Contractors typically want to know why they have been singled out for an OSHA inspection. Inspections can be motivated by on-site circumstances, or they can be scheduled pursuant to one of OSHA’s special emphasis programs.
- Catastrophic Accident or Death. If an employee dies at your job site or is injured and sent to the hospital, you will receive an OSHA inspection in short time. Please recall that employers have a self-reporting requirement in such situations. You can expect that such an inspection will focus on the work areas frequented by the injured employee and any equipment that could have been used by the employee. Additionally, OSHA will focus on your safety training and documentation.
- Follow-Up Inspections: It is not uncommon for OSHA to conduct follow-up inspections for previously cited violations. If abatement was required, and if you have not filed proper abatement documentation with OSHA in a timely manner, OSHA likely will conduct another inspection. This inspection will not necessarily be limited to the areas of abatement. After completing any OSHA inspection, contractors should put a method in place for tracking their abatement deadlines to avoid any follow-up inspections.
- Referrals: OSHA frequently schedules inspections based on external referrals, such as media stories, or direct notification by law enforcement or emergency medical services. Employers should monitor news sources and blogs, including setting up an online alert, so that they are aware of any potential for a referral inspection. If an online alert indicates that a referral inspection may be imminent, employers should take steps to ensure that their inspection will go smoothly.
- Complaints: Inspections frequently occur due to employee complaints. Contractors should be aware of any disgruntled employee or former employee that may take out their anger on the company through an OSHA complaint. However, contractors that suspect current employees of making a complaint, or cooperating with a complaining employee, must take care not to retaliate against the employee. That employee could bring a whistleblower complaint against the company.
- Programmed Inspection Plans. OSHA has several inspection plans subject to “special emphasis programs” and “local emphasis programs”. These programs target certain industries or areas that are of concern to OSHA. Programmed inspections usually are related to industries with high injury rates, exposure to toxic substances, or individual employers or industries with high citation histories.
What should I do if I’m alerted to the pending inspection?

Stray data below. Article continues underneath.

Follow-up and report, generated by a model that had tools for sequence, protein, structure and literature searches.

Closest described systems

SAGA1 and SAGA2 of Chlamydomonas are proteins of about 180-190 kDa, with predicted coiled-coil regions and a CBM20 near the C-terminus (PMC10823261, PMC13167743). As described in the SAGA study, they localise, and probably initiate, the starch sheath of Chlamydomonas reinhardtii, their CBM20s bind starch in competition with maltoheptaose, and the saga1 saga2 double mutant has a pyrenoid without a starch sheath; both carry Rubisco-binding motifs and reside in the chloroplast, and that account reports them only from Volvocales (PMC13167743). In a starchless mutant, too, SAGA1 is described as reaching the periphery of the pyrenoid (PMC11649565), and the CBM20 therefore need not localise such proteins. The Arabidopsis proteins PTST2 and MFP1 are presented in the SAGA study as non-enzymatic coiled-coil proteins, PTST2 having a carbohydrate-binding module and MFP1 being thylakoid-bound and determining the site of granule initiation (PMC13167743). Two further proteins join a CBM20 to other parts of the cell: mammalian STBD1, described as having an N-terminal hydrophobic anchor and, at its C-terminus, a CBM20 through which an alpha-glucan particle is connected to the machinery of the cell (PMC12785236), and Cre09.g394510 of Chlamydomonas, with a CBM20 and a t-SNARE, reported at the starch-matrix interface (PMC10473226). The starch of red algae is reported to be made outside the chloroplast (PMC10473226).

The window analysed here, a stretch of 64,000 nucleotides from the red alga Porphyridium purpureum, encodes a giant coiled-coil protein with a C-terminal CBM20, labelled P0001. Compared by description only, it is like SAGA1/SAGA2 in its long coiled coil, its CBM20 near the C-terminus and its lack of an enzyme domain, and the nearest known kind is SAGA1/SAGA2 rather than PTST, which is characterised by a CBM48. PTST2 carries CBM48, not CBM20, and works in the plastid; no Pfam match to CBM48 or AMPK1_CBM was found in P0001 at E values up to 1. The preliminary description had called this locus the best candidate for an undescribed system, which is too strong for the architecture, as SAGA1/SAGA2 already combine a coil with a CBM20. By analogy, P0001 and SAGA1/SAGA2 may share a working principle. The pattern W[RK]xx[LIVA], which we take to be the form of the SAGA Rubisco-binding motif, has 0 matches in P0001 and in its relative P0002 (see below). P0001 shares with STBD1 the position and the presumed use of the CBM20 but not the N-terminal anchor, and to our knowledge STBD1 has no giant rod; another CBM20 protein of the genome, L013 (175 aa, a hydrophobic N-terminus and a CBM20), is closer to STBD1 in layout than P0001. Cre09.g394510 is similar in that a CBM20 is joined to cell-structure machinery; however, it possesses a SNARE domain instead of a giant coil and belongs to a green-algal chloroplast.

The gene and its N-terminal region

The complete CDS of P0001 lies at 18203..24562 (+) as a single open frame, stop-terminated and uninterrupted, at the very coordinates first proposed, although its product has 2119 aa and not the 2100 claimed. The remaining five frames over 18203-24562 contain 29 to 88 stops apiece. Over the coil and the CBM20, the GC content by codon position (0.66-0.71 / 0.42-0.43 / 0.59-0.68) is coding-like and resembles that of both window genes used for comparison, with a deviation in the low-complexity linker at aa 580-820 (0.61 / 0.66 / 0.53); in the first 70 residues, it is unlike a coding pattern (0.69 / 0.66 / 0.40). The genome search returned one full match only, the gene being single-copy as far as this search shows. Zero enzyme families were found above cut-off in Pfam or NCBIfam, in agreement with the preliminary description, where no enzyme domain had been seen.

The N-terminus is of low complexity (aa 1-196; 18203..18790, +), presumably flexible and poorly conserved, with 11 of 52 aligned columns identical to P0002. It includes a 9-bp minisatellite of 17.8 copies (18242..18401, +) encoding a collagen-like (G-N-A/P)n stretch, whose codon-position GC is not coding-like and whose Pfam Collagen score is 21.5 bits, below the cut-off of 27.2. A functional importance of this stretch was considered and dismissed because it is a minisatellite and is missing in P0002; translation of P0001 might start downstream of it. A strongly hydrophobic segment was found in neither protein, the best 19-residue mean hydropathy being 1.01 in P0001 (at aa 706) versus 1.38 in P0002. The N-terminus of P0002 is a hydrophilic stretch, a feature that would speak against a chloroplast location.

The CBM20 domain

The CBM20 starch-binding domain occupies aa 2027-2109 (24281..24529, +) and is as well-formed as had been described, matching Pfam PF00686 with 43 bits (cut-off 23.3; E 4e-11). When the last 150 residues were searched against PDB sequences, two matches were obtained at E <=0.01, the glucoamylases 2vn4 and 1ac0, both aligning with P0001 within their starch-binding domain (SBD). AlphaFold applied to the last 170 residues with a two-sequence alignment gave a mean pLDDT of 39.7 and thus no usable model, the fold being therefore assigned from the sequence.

It is extremely rare that an employer will receive advanced notice from OSHA of an inspection. If an OSHA employee provides advanced notice, he or she can be subject to penalties, including a $1,000 fine and up to six months in prison. However, certain events should alert a vigilant employer of a pending inspection.
If you suspect an OSHA inspection may be imminent, you should take several immediate steps:
- Walk through the job site and conduct your own inspection.
- Take careful note of all guarding methods and make sure that they have not been disregarded for the sake of ease or efficiency.
- Note all power sources and sources of motion to make sure the proper emergency shut-offs are in place.
- Make sure that all lock-out/tag-out procedures are being followed.
- Examine all logs for currency and completeness.
- Ensure that all switches are effective and compliant.
- Document all safety meetings.
- Update safety manuals.
- Locate the urgent response and blood-borne pathogen policies and procedures.
- Conduct periodic training on all safety procedures, including lock-out/tag-out procedures.
- Conduct lock-out/tag-out audits of all safety trainers.
- Make sure your forklifts are compliant and all users are certified as trained.
- Contact your OSHA attorney to prepare for interviews, inspection, and strategy to minimize exposure.—Geoffrey S. Trotier
See Part One of this post, ” OSHA is knocking at my door…what do I do? on the NARI blog.
Geoffrey S. Trotier is a Shareholder in the Labor and Employment Law Section at von Briesen & Roper, s.c. and practices in the firm’s Milwaukee office. Trotier assists businesses of all sizes in diverse labor and employment issues. He is licensed to practice law in both Wisconsin and Minnesota and can be reached at 414-276-1122 or at www.vonbriesen.com.